The shooting death of Arnold Ainebyona Mugisha at Quality Supermarket in Naaalya has left me in deep pain and it that sort of pain that knows no proportions and it not logical.
I have failed to understand everything connected to Mugisha’s death on Tuesday, July 9, 2019. How could we lose a young entrepreneur aged just 25 and that shooter is 31! These are very young people.
I was 25 years old 20 years ago, just like Mugisha and his shooter, so young and full of life. I was nowhere near as successful as Mugisha appeared to be with a thriving restaurant business in exclusive Kololo.
So this is not your average 25 year old. And they don’t come that way every other day. We are a nation that is divided and has a problem we must confront and that is the very reason I have suspended mourning and whining and come to place this in black and white.
I was sent to do NBS TV Morning Breeze work at the scene of crime in Naalya this morning and I deliberately determined to find an eye witness that saw everything as it unfolded and what I heard left me asking questions.
Before we get to those questions let me leave here a conclusion that I have made that left me mourning the dead man even more. First is that this argument should never have ended the way it did: a promising young man’s life cut short.
The information I have is that Mugisha and friends had just concluded shopping in the mall and were about to leave when a trolley they were using rolled away and crashed into a parked car.
The young men were requested to wait for the vehicle owner so that they have a conversation about the car and its so called “damage” or dent if you like.
I am told they left their vehicle and assessed what was perceived as “a damage” to the other parked car and in their opinion there was nothing worth waiting for and they made their way for their car ready to leave .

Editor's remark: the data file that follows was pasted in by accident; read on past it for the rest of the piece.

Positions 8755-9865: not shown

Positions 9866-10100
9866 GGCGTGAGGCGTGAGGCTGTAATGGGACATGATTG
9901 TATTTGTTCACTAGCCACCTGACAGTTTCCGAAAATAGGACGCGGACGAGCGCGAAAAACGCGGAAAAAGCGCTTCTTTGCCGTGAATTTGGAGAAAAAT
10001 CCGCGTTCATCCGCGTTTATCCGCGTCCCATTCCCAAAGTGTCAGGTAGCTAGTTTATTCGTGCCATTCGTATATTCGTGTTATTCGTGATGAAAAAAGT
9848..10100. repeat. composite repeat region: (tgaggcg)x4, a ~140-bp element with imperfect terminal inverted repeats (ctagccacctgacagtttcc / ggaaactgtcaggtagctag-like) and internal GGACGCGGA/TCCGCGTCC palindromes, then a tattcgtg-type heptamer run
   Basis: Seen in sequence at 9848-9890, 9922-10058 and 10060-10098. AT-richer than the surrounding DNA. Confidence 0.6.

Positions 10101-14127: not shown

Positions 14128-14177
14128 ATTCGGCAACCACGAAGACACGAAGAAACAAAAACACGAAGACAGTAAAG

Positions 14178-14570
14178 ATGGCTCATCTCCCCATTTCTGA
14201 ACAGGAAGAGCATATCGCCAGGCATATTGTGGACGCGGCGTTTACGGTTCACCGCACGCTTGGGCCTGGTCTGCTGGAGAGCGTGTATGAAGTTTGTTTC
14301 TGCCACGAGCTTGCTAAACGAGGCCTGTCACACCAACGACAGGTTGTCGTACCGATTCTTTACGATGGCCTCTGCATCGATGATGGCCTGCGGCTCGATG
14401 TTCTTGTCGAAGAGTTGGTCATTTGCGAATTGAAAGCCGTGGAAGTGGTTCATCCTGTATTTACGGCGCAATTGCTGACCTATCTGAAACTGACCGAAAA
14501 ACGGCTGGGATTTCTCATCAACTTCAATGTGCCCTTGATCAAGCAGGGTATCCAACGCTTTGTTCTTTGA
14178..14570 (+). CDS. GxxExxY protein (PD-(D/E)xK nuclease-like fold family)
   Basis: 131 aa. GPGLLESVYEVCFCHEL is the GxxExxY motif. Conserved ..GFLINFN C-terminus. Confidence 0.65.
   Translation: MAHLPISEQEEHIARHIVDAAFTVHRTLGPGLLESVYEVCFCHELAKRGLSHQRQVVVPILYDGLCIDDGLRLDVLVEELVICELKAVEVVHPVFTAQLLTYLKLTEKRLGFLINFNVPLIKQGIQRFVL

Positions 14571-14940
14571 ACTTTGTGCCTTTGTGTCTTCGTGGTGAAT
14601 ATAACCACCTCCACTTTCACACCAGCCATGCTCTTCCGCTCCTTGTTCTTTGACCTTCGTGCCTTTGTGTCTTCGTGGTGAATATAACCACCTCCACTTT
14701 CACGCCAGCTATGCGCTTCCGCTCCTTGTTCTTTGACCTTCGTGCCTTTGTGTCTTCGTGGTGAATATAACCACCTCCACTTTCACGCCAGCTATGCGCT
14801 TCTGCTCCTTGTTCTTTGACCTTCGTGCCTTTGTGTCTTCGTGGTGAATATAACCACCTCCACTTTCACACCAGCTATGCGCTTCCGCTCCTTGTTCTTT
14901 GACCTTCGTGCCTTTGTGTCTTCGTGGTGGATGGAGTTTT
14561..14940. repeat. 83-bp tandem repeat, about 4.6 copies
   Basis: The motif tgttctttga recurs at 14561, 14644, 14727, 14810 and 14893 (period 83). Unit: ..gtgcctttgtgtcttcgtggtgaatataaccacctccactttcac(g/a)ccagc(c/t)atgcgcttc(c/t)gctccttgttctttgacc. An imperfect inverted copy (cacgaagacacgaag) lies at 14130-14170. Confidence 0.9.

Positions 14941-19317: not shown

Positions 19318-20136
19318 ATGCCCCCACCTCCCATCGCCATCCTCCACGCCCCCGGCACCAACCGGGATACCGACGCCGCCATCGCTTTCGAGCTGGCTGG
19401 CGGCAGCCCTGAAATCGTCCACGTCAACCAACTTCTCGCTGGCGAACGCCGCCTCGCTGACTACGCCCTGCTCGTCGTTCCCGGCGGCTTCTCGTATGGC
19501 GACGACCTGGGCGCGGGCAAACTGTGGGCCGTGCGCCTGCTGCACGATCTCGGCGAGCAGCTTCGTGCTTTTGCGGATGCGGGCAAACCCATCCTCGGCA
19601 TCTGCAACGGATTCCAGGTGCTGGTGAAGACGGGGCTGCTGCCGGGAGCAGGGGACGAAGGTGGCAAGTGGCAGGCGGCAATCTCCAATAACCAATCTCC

The security guard who had alerted them to the damage protested and here I say he was right at that point and I shall explain why. I am not saying he should have shot anyone, don’t accuse me of that yet.
If you have ever parked a vehicle anywhere where there are security people and you found it dented and no one in sight to explain what happened, you know what that feels like.
You know how you can have a go at these men asking them what their use is if all they do is just watch as your car is knocked and they let the errant driver off too lightly?
If you were not too nice, you may even have accused them of having “eaten” from the “knocker” so that they keep quiet.
These guards are often in a tough spot. Many have lived through situations where they have been reported to their bosses and lost their jobs on the spot. Especially if the victim of the dent is known to the boss personally. Is this not a country of important people after all?
Now given all that I see why the young man wanted the knocker to stay and resolve the matter and he was absolutely right.
Now let me ask the questions I have no answer for.
When did it become the right of he who has knocked my car to assess the damage and decide that it is a small dent and there is nothing I should be making a fuss about? Wait a minute, the car is mine, you knocked it! Is it not plain simple courtesy to allow me the car owner to decide whether the matter is huge or small? Had these young people known why it is important to wait for those they wronged to settle matter, may be we would not be here. They did not see that.
Whose responsibility is it to teach a 25 years old business owner these small simple things? Does our education benefit us if these things are not found there?
I have heard often young people say after a car has been scratched and you hear “Mzee ako nawe katono tewelaga nyo.” Translated this means the dent is so inconsequential, there is no need to show off by making a fuss over it.
It might be small to you but not to me and the power dynamics are that I own the car and it is I that has been aggrieved so I should be in the position of power not you!
In the way I was raised, waiting for the owner for even a day was always an imperative or where there is a hurry, leave a business card and an instruction with the security guards that the owner should call you to sort the matter amicably.
Why are we not that way at 25 anymore?
I’m increasingly seeing things we have lost and yesterday we lost a young man full of promise sadly.
In pain, I have resolved after a conversation with a friend that we must teach our children humility, meekness and value for lives and property of others.
Why would you kill a man because he dented a car? Is this the last death of such circumstances? I am not sure because parenting has since changed and changed so much. We are a nation on the brink and you don’t want to be picking the wrong fight. Be humble and meek, it may be all you need to be alive.